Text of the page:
Jon Scribner recently wondered whether “in a circular and sustainable economy (which likely would need to be low growth) could all conspicuous consumption move to the metaverse? Huge businesses are already being built on the virtual flex economy, which is... more environmentally friendly than buying a real lambo?” This is a striking parallel to Bezos framing of space colonies as a solution to the disorders of our present mode of relating to the earth, although Scribner is here merely thinking out loud. In neither case, though, is a third option contemplated—that we change our mode of relating to the world and correct the assumptions driving this way of life.
Of course, the two lines of thought are distinct, and I don’t want to suggest that McLuhan’s and Arendt’s arguments are perfectly compatible. But their invocation of Sputnik invited comparison, and both, in my view, help us reckon with the various dimension of the earth alienation now on offer as a service, which is partly a matter of seeking a literal departure from the earth and partly a matter of encasing ourselves in artificial environments, indeed of rendering the earth itself an artificial environment.
We are being sold a retreat from the human condition and its natural habitat, but McLuhan and especially Arendt help us to see that we are dealing with recent iterations of long-standing trajectories of thought and practice. In these more recent iterations, we are also tacitly offered an escape from responsibility and obligation, to each other and to the earth that is our common home. Although, perhaps more to the point, the two visions of retreat and escape constitute an evasion of responsibility by those whose interests would not be served by a reversal of our present course. But, lest those of us not funding private space travel let ourselves off the hook, I would quickly add that we are all to some degree complicit.
Tomorrow is Thanksgiving in the U.S., a holiday born out of fraught circumstances and which now dwindles in significance to the degree that it resists easy commercialization. Nonetheless, I’ll take the occasion to suggest again that there would be much to be gained by countering earth alienation with gratitude.
I am generally convinced by those who, in trying to characterize the modern, technological relation to the world, find that this relation is best described as a one of mastery and control, which is to say, a relation of power and, consequently, alienation. Positioned in this way, we are tempted to see the world, including ourselves, as a field of objects to be limitlessly manipulated and exploited.2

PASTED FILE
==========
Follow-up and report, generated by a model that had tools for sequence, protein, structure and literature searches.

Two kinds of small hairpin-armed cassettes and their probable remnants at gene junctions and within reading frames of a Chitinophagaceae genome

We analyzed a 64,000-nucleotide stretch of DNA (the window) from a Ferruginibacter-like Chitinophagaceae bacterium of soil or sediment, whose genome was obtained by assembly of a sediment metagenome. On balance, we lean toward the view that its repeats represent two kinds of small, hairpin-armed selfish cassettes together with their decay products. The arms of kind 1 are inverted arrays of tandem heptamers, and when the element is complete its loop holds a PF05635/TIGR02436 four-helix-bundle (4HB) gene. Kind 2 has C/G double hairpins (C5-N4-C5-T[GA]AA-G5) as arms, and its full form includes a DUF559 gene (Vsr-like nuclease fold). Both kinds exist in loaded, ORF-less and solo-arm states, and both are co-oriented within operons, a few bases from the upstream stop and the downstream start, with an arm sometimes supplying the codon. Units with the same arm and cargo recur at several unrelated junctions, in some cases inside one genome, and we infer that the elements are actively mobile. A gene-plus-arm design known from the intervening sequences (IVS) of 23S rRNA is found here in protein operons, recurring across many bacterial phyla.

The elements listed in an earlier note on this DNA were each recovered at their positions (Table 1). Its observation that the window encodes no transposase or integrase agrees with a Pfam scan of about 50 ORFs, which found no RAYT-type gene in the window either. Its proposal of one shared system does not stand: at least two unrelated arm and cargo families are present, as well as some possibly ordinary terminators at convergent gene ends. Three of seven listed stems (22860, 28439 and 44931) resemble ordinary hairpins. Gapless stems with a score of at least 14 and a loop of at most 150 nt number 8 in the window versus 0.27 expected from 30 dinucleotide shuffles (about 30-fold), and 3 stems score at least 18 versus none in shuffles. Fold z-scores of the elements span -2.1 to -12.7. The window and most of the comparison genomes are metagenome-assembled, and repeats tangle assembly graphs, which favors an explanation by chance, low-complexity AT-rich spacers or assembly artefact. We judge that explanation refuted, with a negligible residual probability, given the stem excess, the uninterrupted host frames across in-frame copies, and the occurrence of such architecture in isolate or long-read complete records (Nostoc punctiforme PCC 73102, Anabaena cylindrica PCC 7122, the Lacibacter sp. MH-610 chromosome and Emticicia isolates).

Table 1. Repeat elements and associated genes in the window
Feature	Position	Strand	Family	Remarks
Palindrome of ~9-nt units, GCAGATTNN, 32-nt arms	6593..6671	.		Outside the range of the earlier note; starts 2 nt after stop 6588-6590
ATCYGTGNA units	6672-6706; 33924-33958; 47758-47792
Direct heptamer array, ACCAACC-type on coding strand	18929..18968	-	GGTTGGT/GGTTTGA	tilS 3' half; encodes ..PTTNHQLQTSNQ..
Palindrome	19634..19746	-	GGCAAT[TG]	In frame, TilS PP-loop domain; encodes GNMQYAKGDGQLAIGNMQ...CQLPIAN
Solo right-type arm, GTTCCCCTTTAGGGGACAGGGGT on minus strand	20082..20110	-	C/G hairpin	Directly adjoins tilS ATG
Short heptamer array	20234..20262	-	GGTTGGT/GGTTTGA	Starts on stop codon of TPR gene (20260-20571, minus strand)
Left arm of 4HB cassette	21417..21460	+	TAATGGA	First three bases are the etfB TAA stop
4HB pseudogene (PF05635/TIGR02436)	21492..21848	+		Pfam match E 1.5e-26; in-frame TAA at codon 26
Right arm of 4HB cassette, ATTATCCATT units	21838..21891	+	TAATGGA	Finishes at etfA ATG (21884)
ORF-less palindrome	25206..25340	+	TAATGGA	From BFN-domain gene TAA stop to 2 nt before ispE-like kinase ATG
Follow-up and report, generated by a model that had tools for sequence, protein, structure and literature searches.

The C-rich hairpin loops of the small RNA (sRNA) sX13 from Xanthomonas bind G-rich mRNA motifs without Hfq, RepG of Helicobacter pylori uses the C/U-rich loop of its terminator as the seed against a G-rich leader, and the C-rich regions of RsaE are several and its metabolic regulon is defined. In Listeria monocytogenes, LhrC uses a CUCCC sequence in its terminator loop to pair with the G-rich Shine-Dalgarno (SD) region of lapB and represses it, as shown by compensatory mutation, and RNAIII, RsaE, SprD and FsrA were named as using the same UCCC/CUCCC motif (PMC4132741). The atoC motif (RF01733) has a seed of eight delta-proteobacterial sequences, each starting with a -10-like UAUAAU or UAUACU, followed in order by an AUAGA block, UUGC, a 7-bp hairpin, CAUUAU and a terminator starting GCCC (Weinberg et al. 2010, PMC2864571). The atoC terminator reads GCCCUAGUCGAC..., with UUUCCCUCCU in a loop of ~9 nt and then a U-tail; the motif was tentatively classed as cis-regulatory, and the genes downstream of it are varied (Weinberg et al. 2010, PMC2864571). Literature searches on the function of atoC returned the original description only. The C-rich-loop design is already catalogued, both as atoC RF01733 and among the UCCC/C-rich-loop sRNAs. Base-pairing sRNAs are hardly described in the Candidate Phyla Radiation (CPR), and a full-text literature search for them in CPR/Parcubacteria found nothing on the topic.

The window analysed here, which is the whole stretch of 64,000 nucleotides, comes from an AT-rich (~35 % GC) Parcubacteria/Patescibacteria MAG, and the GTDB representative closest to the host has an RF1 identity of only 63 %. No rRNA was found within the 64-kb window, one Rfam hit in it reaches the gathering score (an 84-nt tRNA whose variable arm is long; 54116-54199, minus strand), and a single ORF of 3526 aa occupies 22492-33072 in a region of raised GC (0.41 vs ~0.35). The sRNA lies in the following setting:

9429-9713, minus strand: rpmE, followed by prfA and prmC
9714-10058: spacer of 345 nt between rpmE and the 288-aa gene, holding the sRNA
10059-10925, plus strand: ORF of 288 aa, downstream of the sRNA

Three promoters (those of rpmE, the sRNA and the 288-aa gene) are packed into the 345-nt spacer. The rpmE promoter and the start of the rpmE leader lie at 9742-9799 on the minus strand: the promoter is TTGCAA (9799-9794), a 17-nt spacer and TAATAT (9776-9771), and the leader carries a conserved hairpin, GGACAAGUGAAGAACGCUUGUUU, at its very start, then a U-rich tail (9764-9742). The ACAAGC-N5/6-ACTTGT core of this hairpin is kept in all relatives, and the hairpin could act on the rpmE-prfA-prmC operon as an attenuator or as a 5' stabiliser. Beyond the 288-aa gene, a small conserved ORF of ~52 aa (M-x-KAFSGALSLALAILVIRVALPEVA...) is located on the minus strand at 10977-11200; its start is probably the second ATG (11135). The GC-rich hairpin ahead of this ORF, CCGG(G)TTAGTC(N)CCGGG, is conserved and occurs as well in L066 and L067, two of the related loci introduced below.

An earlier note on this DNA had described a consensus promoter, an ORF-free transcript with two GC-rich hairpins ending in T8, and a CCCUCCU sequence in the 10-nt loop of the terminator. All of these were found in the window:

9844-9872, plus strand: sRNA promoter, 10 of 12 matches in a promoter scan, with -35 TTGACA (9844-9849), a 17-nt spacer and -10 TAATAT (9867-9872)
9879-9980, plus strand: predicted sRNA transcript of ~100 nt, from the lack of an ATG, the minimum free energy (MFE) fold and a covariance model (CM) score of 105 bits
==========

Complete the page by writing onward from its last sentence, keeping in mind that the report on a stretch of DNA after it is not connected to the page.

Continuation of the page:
It would be hard to overestimate how productive this relation has been: it has yielded valuable fruit that we should not lightly discount. But it has not come without costs. The costs are material, social, psychic, and moral; and it seems safe to say that we still await a final accounting.
What alternative do we have to this stance toward the world that is characterized by a relation of mastery and whose inevitable consequence is a generalized degree of alienation, anxiety, and apprehension?
We have a hint of it in Arendt’s warning against a “future man,” who is “possessed by a rebellion against human existence as it has been given, a free gift from nowhere (secularly speaking), which he wishes to exchange, as it were, for something he has made himself.” We hear it, too, in Wendell Berry’s poetic reminder that “We live the given life, not the planned.” It is, I would say, a capacity to receive the world as gift, as something given with an integrity of its own that we do best to honor. It is, in other words, to refuse a relation of “regardless power, ” in Albert Borgmann’s apt phrase, and to entertain the possibility of inhabiting a relation of gratitude and wonder. In one way or another, all that I have to say about technology comes down to this. We must learn like Gloucester in King Lear to see the world and our life in it anew. We, like Gloucester bent in despair on taking his own life, must hear his son Edgar’s voice: “Thy life’s a miracle. Speak yet again.”
Bezos makes clear that he is not envisioning the proliferation of colonies on the model of the International Space Station, but rather grandiose artificial environments with gravity, streams, and vegetation—more or less as envisioned in the 1970s by Gerard O’Neil.